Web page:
The Cocktail Effect of Chemicals

by Karen Hughes on May 20, 2020

If you haven’t heard of the “cocktail effect”, you will soon! No, I’m not speaking of the cocktail you might have 5:00 somewhere. I’m speaking of the cocktail of chemicals we are increasingly being exposed to and the impact they are having on our humanity and environment.

What is the Cocktail Effect?

Similar to when you are mixing a cocktail for drinking, this refers to a continual exposure of individual chemicals which may NOT cause problems on their own, but when combined with other chemicals over time, cause significant harm to our bodies and our environment.

I became interested in this because of the increased disinfecting and sanitization we are doing because of the pandemic.

According to the Centers for Disease Control and the American Association of Poison Control Center, calls and cases increased substantially during a 3 month period ending March 2020. Read about these Cases.

These are very real cases, caused for the most part unintentionally, by people who were trying to do the right thing.

Why Should You Care?

The Cocktail Effect according to many studies in Europe are pointing toward the cause of increased diabetes, autism, ADHD, cancers and other diseases. Reference1 Reference2

These hidden dangers lurk inside our cans, cleaning solutions, make up, hair care products, plastics, pesticides and yes even clothing. We often are unaware until many years later as they build up in the body.

Candles, for example, often contain synthetic scent that can interact with the respiratory system. Maybe you’ve been impacted by someone wearing cologne or walked into a room with a plug-in and started coughing or felt a headache coming on.

8 Chemicals You Should Know

Learn the chemical names, abbreviated and long form. Understand and take control of your environment. Here are some you will want to become familiar with. (excerpted from Healthline.)

  • BHA/BHT
  • DEA
  • DPB/DMP/DEP
  • Formaldehyde (and it’s releasers)
  • Fragrance
  • Parabens
  • Siloxane
  • Triclosan

Understanding Chemical Ingredients

1. Butylated hydroxyanisole (BHA) and butylated hydroxytoluene (BHT)
  • purpose: antioxidant, preservative, stabilizer, fragrance ingredient
  • concerns: skin irritation, hormone disruption
  • found in: lipstick, eye shadow, some petroleum products
2. Diethanolamine (DEA)
  • purpose: pH adjuster, foaming agent
  • concerns: skin irritation, possible organ system toxicity, contamination concerns
  • found in: variety of face makeup and hair products
3. Phthalates dibutyl phthalate (DBP), dimethyl phthalate (DMP), and diethyl phthalate (DEP)
  • purpose: plasticizer, solvent, fragrance ingredient
  • concerns: male reproductive system damage
  • found in: nail polish, hair sprays, perfumes, lotions, soaps, shampoos
4. Formaldehyde (formaldehyde releasers: bronopol, DMDM hydantoin, diazolidinyl urea, imidazolidinyl urea, and quaternium-15)
  • purpose: preservative
  • concerns: carcinogenic impurity, skin irritations, high rates of skin allergy reactions, rashes
  • found in: nail products, eyelash glue, hair gel, hair-smoothing products, baby shampoo, body soap, color cosmetics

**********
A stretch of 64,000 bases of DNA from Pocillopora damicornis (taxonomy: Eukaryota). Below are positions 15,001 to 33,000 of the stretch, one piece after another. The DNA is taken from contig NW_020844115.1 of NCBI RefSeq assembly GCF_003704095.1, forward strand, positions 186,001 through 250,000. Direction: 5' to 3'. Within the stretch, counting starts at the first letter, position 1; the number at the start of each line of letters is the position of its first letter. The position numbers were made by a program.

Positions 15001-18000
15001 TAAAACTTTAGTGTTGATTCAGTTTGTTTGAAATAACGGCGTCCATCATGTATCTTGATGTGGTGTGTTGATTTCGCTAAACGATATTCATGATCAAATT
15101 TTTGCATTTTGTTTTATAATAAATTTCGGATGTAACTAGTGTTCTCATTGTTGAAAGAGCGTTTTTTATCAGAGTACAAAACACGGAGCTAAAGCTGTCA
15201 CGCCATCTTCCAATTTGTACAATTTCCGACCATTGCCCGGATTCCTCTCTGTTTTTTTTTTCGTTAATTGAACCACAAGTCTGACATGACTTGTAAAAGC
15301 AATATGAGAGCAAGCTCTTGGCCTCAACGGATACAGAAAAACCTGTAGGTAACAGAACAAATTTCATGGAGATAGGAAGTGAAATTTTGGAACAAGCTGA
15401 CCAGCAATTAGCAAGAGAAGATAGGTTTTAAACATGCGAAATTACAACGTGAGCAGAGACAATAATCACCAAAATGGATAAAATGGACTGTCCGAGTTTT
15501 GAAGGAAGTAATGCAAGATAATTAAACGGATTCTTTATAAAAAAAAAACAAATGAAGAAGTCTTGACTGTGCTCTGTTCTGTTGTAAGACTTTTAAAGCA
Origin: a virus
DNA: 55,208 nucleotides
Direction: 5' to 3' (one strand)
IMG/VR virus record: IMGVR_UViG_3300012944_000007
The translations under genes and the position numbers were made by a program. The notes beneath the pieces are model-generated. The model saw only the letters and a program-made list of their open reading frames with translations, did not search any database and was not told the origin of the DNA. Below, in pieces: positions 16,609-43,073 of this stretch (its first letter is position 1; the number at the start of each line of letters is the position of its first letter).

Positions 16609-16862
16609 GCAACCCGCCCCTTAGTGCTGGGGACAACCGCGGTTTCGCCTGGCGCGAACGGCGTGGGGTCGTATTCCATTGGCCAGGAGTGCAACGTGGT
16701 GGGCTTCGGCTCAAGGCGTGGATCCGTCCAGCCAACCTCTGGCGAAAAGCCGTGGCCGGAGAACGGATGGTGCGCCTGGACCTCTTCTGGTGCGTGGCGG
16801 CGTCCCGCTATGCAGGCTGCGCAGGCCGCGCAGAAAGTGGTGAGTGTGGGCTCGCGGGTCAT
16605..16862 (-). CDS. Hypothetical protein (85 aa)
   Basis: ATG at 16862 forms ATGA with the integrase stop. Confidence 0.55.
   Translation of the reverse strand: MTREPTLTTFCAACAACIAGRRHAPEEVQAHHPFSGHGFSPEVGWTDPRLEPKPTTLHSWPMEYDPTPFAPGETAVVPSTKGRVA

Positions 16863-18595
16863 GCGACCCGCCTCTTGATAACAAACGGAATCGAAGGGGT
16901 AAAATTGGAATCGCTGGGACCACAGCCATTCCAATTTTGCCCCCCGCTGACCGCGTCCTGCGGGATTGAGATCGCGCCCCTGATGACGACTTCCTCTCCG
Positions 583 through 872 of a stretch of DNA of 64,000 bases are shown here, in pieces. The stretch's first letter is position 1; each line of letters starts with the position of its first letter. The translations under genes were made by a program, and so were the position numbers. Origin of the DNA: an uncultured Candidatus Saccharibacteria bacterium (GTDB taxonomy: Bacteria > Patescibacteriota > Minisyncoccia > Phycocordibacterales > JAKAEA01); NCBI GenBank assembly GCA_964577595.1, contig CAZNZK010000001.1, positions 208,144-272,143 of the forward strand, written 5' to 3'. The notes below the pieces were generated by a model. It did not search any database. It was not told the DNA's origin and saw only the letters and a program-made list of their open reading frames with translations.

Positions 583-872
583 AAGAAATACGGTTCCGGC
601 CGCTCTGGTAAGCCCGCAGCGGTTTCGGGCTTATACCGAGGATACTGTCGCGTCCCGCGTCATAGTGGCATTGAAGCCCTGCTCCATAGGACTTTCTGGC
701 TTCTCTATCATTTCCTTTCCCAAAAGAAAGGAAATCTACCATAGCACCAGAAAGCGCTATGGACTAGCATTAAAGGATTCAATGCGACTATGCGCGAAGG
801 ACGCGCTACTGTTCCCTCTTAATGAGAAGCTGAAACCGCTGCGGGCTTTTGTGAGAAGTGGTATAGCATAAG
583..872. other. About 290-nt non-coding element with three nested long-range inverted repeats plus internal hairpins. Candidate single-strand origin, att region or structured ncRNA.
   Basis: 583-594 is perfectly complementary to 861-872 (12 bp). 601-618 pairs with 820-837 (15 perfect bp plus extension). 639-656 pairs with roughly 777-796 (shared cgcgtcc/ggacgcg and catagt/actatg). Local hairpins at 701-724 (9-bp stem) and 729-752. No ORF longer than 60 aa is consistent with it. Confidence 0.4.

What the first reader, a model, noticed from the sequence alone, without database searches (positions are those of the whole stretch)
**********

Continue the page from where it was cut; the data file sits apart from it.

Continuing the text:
5. Fragrance (perfume, parfum, essential oil blend, and aroma)
  • purpose: chemical combination of a possible 3,000 ingredients to create scents
  • concerns: skin irritation, allergic reactions, cancer or reproductive toxicity with long-term exposure
  • found in: most personal skincare products
6. Parabens (specifically propyl-, isopropyl-, butyl-, and isobutyl- parabens)
  • purpose: preservative
  • concerns: hormone-disrupters
  • found in: makeup, moisturizers, shampoos, conditioners, lotions, facial and shower cleansers, shaving products, and scrubs
7. Siloxane (ingredients ending in -siloxane or -methicone)
  • purpose: softening, smoothing, moisturizing
  • concerns: hormone disrupter
  • found in: hair products, deodorants
8. Triclosan (now being regulated on the market but still in the healthcare environment)
  • purpose: antimicrobial agent
  • concerns: disrupt thyroid and reproductive hormones, bacterial resistance development
  • found in: oral products, shaving products, creams, and color cosmetics

What Can You Do?

Make Swaps… Start inside your home. Make sure that you clear the air. Stop using chemically derived cleansers, sprays or sanitizing solutions. Fragranced sprays, plug-ins, dryer sheets and candles.

Recipes for Swaps

While more and more natural cleaning solutions are coming on the market, often they are very expensive, capitalizing on fear and lack of knowledge. While you may not want to make everything, it’s an easy way to begin and learn more.

It Takes Time

Be patient, just get started, and don’t beat yourself up for not knowing. Even the scientists didn’t know when they were creating the chemical. It’s taken years for these things to develop. Get started now with easy swaps like the recipe above.

Want to learn more about essential oils?

Learning about swaps and using natural plant materials can feel daunting at first. I show you how to integrate these plant medicines easily and effortlessly into your home and lifestyle. Contact me and let’s get started!

Live Well, Be Well and Thrive!


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Hi, I’m Karen!

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